About Me

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No Fixed Abode, Home Counties, United Kingdom
I’m a 51-year-old Aspergic CAD-Monkey. Sardonic, cynical and with the political leanings of a social reformer, I’m also a toy and model figure collector, particularly interested in the history of plastics and plastic toys. Other interests are history, current affairs, modern art, and architecture, gardening and natural history. I love plain chocolate, fireworks and trees but I don’t hug them, I do hug kittens. I hate ignorance, when it can be avoided, so I hate the 'educational' establishment and pity the millions they’ve failed with teaching-to-test and rote 'learning' and I hate the short-sighted stupidity of the entire ruling/industrial elite, with their planet destroying fascism and added “buy-one-get-one-free”. I also have no time for fools and little time for the false crap we're all supposed to pretend we haven't noticed, or the games we're supposed to play. I will 'bite the hand that feeds' to remind it why it feeds.

Wednesday, February 12, 2014

V is for Variants

We first looked at these as part of the round-up of the Hornby-Triang-Minic figures a year or so ago (18 months - where does the time go!) here; B is for Battle Space, but here they are again with the later sub-types and piracy's...

We'll get the medics out of the way first. These weren't issued in the larger 50mm range so are pretty unique. Five poses of foot figure and an ingenious stretcher that could be carried or stood-up as a field surgery-table/gurney type thing; two long metal 'staples are held in place by a piece of glued-in plastic which allows the staples to rotate.

This set also included another female military subject (the Blue Box French Resistance having the other). Above we can see various shades of blanket from a dark grey through to a dirty white. Bottom right shows a couple painted-up by someone for war gaming.

While top left has a stretcher-bearer who never got his red-cross armband...while in the centre we can see that they didn't always get their yellow cross belt, this is the only pose that consistently gets this variation, so it must have been a deliberate - or change of? - painting policy at some point. I suspect (like to think!) that 'with'; they were Infantry and without; medics?

To accompany the Medics (and provide them with casualties!) are the fighting soldiery, and at the top we see the Blue Box originals from the from and the back with a paint variant of the radio operator we'll look at again below.

Below them are the unpainted ones we also looked at last time and then the smaller ones given the same silver and yellow paint scheme, these are early Ri-toys and were soon being issued unpainted, this is the commonest form you'll find them in (2nd to last full row), the yellow ones are not so common and tend to be a bit heavier so might be by another maker, they were around in about 1974 as I remember buying them about that time. The three figures to the far left are a glossy home-paint and two heat-shrinkage variations.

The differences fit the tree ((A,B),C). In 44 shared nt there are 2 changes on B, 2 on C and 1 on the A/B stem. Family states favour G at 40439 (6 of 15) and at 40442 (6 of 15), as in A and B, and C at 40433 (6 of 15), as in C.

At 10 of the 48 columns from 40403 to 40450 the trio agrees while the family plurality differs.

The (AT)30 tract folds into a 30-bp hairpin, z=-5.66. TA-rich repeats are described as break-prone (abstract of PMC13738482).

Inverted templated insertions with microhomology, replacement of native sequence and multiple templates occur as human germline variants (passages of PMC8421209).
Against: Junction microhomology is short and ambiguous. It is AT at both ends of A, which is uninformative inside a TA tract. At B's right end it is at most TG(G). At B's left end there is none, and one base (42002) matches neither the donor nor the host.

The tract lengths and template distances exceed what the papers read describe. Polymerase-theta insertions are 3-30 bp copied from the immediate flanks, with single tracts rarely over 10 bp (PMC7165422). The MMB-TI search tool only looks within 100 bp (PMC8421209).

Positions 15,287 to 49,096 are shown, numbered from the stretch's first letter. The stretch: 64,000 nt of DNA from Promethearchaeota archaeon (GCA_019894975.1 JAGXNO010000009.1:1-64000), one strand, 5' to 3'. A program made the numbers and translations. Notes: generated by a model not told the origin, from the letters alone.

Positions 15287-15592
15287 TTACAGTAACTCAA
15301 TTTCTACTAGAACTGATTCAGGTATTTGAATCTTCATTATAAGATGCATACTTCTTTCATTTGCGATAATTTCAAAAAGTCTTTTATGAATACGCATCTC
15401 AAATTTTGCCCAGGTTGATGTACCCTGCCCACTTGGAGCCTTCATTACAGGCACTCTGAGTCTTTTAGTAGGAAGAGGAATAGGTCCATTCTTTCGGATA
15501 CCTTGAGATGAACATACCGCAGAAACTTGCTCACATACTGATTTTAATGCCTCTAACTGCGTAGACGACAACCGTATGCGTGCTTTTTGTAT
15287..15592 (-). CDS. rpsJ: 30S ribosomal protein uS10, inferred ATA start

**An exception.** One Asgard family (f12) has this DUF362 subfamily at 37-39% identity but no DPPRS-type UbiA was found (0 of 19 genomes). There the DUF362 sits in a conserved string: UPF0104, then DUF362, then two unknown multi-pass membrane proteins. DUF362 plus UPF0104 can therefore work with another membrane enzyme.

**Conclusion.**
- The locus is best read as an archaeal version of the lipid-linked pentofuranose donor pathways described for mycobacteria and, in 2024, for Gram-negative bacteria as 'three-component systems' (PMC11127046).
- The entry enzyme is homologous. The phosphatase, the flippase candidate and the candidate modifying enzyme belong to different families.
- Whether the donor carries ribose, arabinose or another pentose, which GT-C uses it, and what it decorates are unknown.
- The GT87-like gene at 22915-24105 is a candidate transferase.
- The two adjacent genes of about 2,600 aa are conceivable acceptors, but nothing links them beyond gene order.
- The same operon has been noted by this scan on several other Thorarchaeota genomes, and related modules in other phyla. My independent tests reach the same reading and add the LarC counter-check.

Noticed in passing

Then we have the lesser copies of copies; first another scale-down (the painted guy is a home paint) and finally a whole new base design. These will not be Ri-Toys but one of the many little family businesses in the colony (Hong Kong) who took product from the bigger boys up the road and chucked out the poorer products.

A comparison of all the variations and their bases from 30mm on the left of the line-up to about 25mil on the right. You can see how the soft ethylene Ri-Toys figures share a common design through the painted and unpainted generations but the yellow ones have a new base marking which could suggest another maker while the last two are both smaller and quite different in execution.

The Ri-toys painted figures were clearly designed to deceive, as they follow the silver/yellow painting of the styrene BB originals, and I'm still not sure what the relationship between the two was. The links to Marx and Triang, the Merit piracy's and the supply of some of these moulds to Marksmen decades later all muddying the water! It may well be that they worked closely with Blue Box, equally they could have been straight copyists?

 So - to red and yellow helmets etc...

When I was a kid I know I had some of these with red and yellow helmets. In my present sample I have a radio operator with a red helmet, I also have a guy with a black helmet and a silver badge (German?). In addition I have the chap with all the red piping and another guy with a yellow badge. I suspect the yellow badge is just a careless yellow brush movement as the painter has also covered half the base in black boot-polish!

But even discounting him, the others have the 'smell' of genuine about them and with my memories it would seem that some out-painters would get a bit creatively artistic...maybe on a Friday afternoon!! See also the top left stretcher-case in the first image, he's been given a dressing from nose to chest!

There is one other sub-type of the Blue Box US figures and they are interesting for coming not with copies of the Blue-Box Germans, but with four of the similar Marx figures.

They came in two main tranches, the standard army greens (various shades) and a multicoloured set in brown, red, blue and silver. A sub variant in a muddy brown-green swirl are shown about the main line-up along with one who's retained a section of mould-tool runner (sprue!). At the top are three OBE's with a decent paint-job.

The only set I have on me with any of the above are these as the are small enough to go in the same bags I use for all the smaller samples so they have ended-up being filed with them. The name of the importer/jobber being Nadel and Sons of New York. You got eight poor quality figures, there would be a dozen or two attached to a larger card and sold near the till/check-out like sweets or nuts - impulse purchase/nag-buy!

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